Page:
Thursday, June 19, 2014

Getting our hands in the world of vocational training.

Day two of June's "not-so-dry season"
Students learning to lay bricks...with mud.
Just a few pictures from today's adventures in the rain.  John and I visited a technical training school and had some really solid conversation with the teachers and students who are learning construction and electrical trades that will hopefully lead to good jobs in coming years.  It felt good to hang around with some middle-school and high-school aged students (afterall it's been almost 3 weeks since my own students headed out for summer), and it is just remarkable how kids are so much the same no matter where you go.  Full of life, looking for their place in the world, longing for approval and acceptance, and funny as heck.  These kids spend 80% of their day doing practical, hands-on-learning and they absolutely love it.  The other 20% is the academic theory behind it.  Vocational training is getting a huge push from the Rwandan Government but still struggles to overcome the stigma and funding challenges which continue to produce low enrollment... but you wouldn't have known any of that if you saw these kids at work.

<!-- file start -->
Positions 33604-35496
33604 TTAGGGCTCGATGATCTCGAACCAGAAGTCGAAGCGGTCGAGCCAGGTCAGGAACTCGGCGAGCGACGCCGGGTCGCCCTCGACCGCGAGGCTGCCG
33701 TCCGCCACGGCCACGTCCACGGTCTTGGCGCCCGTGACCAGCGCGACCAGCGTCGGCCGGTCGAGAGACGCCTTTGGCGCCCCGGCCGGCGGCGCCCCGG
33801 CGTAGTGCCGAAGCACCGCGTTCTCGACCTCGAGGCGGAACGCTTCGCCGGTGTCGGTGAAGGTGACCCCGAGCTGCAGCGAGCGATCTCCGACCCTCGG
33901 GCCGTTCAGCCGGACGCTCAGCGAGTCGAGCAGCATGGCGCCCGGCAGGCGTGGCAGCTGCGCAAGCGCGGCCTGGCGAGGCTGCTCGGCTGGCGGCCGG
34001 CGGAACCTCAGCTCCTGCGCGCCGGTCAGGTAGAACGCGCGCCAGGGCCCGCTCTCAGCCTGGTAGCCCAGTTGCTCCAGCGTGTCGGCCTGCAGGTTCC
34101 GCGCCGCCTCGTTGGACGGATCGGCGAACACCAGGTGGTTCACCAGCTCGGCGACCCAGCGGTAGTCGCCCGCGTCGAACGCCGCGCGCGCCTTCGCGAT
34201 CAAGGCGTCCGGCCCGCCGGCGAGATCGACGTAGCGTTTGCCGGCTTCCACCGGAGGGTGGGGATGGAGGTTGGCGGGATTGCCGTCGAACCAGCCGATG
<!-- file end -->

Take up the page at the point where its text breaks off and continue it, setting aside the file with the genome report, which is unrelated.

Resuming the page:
Uh...I can't do that.

Kivu Hills will most likely provide a similar model but within a more entrepreneurial context to its students who lag behind the more elite academic high-schools in the country.  And yet when I asked the teacher who himself attended the MIT of Rwanda for civil engineering, he said that students here are more engaged, less of a discipline concern, and generally love learning what they're learning more than their "smarter" peers in prep schools.  Perhaps our continued prejudice about what constitutes "smart" as a civilization is still in need of some reconstruction.  Oh wait, that's already happening...the Rwandan government just embarked on an 18 month curriculum and testing overhaul that will, "help students gain skills and have a competitive edge regional and international labour market." ( That of course doesn't mean throwing the baby out with the bath water, but it is recognizing that there is more to memorizing content and rote learning. Learning by doing is the model that always has and always will get results. Right on Rwanda.

A classroom at The University of Rwanda's College of Finance and Banking.  Professor John Gasangwa showing me where he teaches, except for when he takes his students outside to work on projects--where the learning really happens.

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